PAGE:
There is pervasive unemployment in the refugee camps. Mine/ERW survivors and other persons with disabilities are among the worst affected. There was no suitable work and most remained permanently unemployed.[54] Polisario authorities and partner organizations in the camps have reportedly made significant efforts to assist persons with disabilities in economic reintegration, through income-generating schemes including small shops and a bakery.[55] In 2008, the NGO Triangle Génération Humanitaire (TGH) continued to provide economic reintegration assistance to the elderly and to persons with disabilities through centers in the four refugee camps. For 2008, TGH project staff were not aware of any direct program beneficiaries who were mine/ERW survivors.[56] Schools for children with disabilities, including physical disabilities, are run by Polisario in all of the Saharawi refugee camps.[57] Psychological support for those in the refugee camps is inadequate and the mental health needs of refugees are not systematically addressed.[58]

Morocco has reported that that the military makes land and air facilities available to transfer mine/ERW survivors to the nearest hospital, where they can receive medical care free of charge. Hospitals near mine-affected areas had their capacity increased in 2008.[59] Other accounts from mine survivors’ organizations have reported that mine/ERW survivors injured in areas of Moroccan-controlled Western Sahara need to pay for their own emergency transportation and medical costs at hospitals in both Western Sahara and Morocco.[60] An orthopedic center, including a prosthetics workshop and services for mine/ERW survivors, is connected to the in El Hassan hospital, La’Youn, in Moroccan-controlled Western Sahara.[61] The ICRC Special Fund for the Disabled (SFD) had planned to provide assistance to the orthopedic center in La’Youn in 2008, but the plan was delayed due to “procedural obstacles.”[62]

Support for Mine Action
In 2008, Spain reported contributing US$294,520 (€200,000) to mine action in Western Sahara, for unspecified mine action via the UN Voluntary Trust Fund for Assistance in Mine Clearance.[63] Reported mine action funding in 2008 was 67% less than reported in 2007. No international funding reported to Landmine Monitor since 2000 has specifically addressed VA needs in Western Sahara.

Landmine Action reported overall support for its programming in Western Sahara from Germany and Norway, as well as from UNMAS and the Diana, Princess of Wales Memorial Fund.[64]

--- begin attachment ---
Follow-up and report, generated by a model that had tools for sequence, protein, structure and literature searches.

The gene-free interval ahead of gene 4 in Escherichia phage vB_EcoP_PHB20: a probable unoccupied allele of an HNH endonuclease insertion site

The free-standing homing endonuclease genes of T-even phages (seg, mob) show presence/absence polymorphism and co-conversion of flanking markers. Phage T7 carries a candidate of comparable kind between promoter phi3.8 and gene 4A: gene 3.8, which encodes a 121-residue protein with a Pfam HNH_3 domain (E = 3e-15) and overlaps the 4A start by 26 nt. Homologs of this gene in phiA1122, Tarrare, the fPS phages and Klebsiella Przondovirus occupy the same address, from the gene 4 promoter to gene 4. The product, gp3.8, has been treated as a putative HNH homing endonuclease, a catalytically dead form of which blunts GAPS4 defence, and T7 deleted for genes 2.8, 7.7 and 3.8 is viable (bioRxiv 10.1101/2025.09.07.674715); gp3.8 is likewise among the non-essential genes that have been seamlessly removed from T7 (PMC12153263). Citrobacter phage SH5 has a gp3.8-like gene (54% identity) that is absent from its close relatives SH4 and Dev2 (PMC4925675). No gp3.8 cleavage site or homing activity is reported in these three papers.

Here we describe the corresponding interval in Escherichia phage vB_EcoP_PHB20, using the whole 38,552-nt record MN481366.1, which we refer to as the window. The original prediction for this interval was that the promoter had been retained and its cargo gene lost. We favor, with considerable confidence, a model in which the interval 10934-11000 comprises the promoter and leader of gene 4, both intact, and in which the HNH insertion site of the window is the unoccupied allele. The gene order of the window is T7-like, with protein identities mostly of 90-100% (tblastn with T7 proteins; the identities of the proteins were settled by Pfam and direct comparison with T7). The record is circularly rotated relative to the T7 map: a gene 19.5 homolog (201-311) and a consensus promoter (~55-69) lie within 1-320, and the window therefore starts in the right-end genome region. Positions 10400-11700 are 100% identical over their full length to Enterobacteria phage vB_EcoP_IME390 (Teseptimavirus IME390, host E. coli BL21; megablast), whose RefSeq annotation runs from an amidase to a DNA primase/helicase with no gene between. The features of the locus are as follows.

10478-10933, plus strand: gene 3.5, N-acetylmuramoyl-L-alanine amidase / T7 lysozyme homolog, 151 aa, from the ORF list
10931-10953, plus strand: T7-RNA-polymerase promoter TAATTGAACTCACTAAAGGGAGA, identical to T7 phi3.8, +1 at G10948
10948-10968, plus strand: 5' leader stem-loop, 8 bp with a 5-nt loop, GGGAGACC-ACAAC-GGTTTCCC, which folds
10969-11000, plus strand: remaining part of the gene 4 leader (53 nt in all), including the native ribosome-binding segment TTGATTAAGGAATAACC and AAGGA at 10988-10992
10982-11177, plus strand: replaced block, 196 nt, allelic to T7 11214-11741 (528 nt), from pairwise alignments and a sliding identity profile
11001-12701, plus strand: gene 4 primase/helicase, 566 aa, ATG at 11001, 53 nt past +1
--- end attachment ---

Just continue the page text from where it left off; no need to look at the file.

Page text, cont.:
[1] See, for example, Landmine Monitor Report 2003, p. 651; Landmine Monitor Report 2002, p. 717; and Landmine Monitor Report 2001, pp. 1,059–1,060.

[2] ICBL, “Mission Report: Morocco, 26–29 October 2008.”

[3] Permanent Mission of Morocco to the UN in Geneva, “Response to Questions from the Canadian NGO Mines Action Canada,” 18 May 2009.

[4] They may have acquired mines from other sources as well. Some of the stockpiled mines Polisario has destroyed are not known to have been in Morocco’s arsenal, such as those of Belgian, Portuguese and Yugoslav origin.

[5] “Observations made during field mission by Landmine Action UK,” provided by email from Landmine Action, 3 May 2006. See also, Landmine Monitor Report 2007, p. 1,095; and Landmine Monitor Report 2006, p. 1,196.

[6] Response to Landmine Monitor questionnaire by Polisario, 27 June 2002.

[7] Interview with Mohammed Fadel Sidna, Chief Engineer, Second Military Regiment, Tifariti, 15 January 2006.

[8] See Landmine Monitor Report 2008, p. 1,118; Landmine Monitor Report 2007, p. 1,095; and Landmine Monitor Report 2006, p. 1,196. The mines included: 96 M-35 (Belgium); six Type 58 (China); 5,480 VS-50 (Italy); 146 SB-33 (Italy); 76 M966 (Portugal); 20 M969 (Portugal); nine MAI75 (Romania); 303 MK1 [or Number 7] (UK); 109 PMD-6 (USSR); 1,490 PMD-6M (USSR); 12 PMN (USSR); 60 POMZ-2M (USSR); 535 PROM-1 (Yugoslavia); 267 VS-33 (unknown type, presumably Italian); 22 “NEGRO” (unknown type, attributed to Israeli origin); and six E-58 (unknown type, attributed to German origin).

[9] Geneva Call, “Information for Landmine Monitor 2009,” June 2009, received by email from Anne-Kathrin Glatz, Program Officer, Geneva Call, 5 June 2009.

[10] Landmine Action, “Western Sahara 2007 Activities,” London, April 2008, p. 2; and email from Melissa Fuerth, Operations Officer, Landmine Action, 19 June 2008.

[11] Melissa Fuerth, “Remnants of War: the legacy of armed conflict in Western Sahara,” Landmine Action campaign article provided by email from Melissa Fuerth, 20 February 2009.